Marco Stanley Fogg is an orphan, a child of the '60s, a quester tirelessly seeking the key to his past, the answers to the ultimate riddle of his fate. As Marco journeys from the canyons of Manhattan to the deserts of Utah, he encounters a gallery of characters and a series of events as rich and surprising as any in modern fiction.
Beginning during the summer that men first walked on the moon, and moving backward and forward in time to span three generations, Moon Palace is propelled by coincidence and memory, and illuminated by marvelous flights of lyricism and wit. Here is the most entertaining and moving novel yet from an author well known for his breathtaking imagination. As an added bonus, when you purchase our Audible Modern Vanguard production of Paul Auster's book, you'll also get an exclusive Jim Atlas interview that begins when the audiobook ends.
"This is a writer whose work shines with intelligence and originality." (Don DeLillo)
"In somber, cerebral, and terse narratives, Paul Auster has hunted down his obsessions. The missing father, the limits of language, the past as a crime we are driven to solve: from these themes, Mr. Auster has built a reputation as a post-modern gumshoe, fusing the conventions of detective fiction with Beckett-like despair." (The New York Times)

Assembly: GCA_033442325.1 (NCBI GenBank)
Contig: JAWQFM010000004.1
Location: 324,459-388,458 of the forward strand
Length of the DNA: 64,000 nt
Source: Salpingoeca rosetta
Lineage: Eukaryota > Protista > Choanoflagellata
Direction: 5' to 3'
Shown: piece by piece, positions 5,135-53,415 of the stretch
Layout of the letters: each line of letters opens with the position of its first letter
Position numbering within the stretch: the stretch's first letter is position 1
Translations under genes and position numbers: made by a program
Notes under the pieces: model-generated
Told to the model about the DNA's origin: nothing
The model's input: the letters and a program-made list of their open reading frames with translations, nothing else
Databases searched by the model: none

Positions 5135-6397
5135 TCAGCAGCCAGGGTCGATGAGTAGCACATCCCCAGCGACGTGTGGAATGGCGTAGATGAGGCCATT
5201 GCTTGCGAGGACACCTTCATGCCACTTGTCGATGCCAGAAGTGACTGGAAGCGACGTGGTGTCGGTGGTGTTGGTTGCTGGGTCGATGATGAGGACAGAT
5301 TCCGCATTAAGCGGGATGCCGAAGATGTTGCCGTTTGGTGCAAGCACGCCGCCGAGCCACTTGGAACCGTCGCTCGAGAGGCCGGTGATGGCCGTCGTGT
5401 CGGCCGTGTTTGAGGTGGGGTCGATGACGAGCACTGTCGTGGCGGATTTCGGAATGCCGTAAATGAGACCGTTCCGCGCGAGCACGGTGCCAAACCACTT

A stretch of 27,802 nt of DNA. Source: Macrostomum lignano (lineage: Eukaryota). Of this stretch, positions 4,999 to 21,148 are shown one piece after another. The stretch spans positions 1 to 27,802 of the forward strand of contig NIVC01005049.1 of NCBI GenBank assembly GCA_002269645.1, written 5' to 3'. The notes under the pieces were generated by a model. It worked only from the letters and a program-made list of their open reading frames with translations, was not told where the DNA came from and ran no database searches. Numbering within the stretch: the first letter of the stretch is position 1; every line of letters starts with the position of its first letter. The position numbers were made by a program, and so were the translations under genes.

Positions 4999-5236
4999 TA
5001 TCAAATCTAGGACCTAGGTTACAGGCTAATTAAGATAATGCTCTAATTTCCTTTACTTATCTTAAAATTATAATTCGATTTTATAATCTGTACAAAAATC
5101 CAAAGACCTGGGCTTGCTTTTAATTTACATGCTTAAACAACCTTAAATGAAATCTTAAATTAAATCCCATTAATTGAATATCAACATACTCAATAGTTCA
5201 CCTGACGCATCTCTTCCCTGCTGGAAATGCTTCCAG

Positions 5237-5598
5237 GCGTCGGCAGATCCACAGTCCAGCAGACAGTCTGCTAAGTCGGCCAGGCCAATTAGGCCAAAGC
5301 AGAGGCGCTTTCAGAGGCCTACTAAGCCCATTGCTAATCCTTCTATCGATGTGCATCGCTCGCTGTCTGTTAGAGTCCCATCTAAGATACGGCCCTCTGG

"The moon as a poetic and planetary influence over earthly affairs runs as a theme, wittily ransacked, throughout this elegant fiction." (Publishers Weekly)
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My favourite Paul Auster novel
I have already listened to it three times, and never tire of it, so yes I would listen to it again
I can't think of another book I'd compare it to. It's written in the style of a 'roman d'apprentisage', used by many of the classic nineteenth century novelists, but with the added elements Paul Auster finds interesting, in particular how chance affects our lives and decisions.
The main character, Marco Fogg.
Yea, but it was too long for that
Well, I have mentioned it is my favourite novel by Paul Auster. It has all the elements his novels are known for, but readers of his work will know that his later work is not very satisfying for many reasons. If someone asked me the best introduction to his work, I would say this one because for me it has stood the test of time, unlike his classic 'New York Trilogy', which I have as an audio book, but which I now find dated and tiresome.
First Paul Auster (I can't believe he passed me)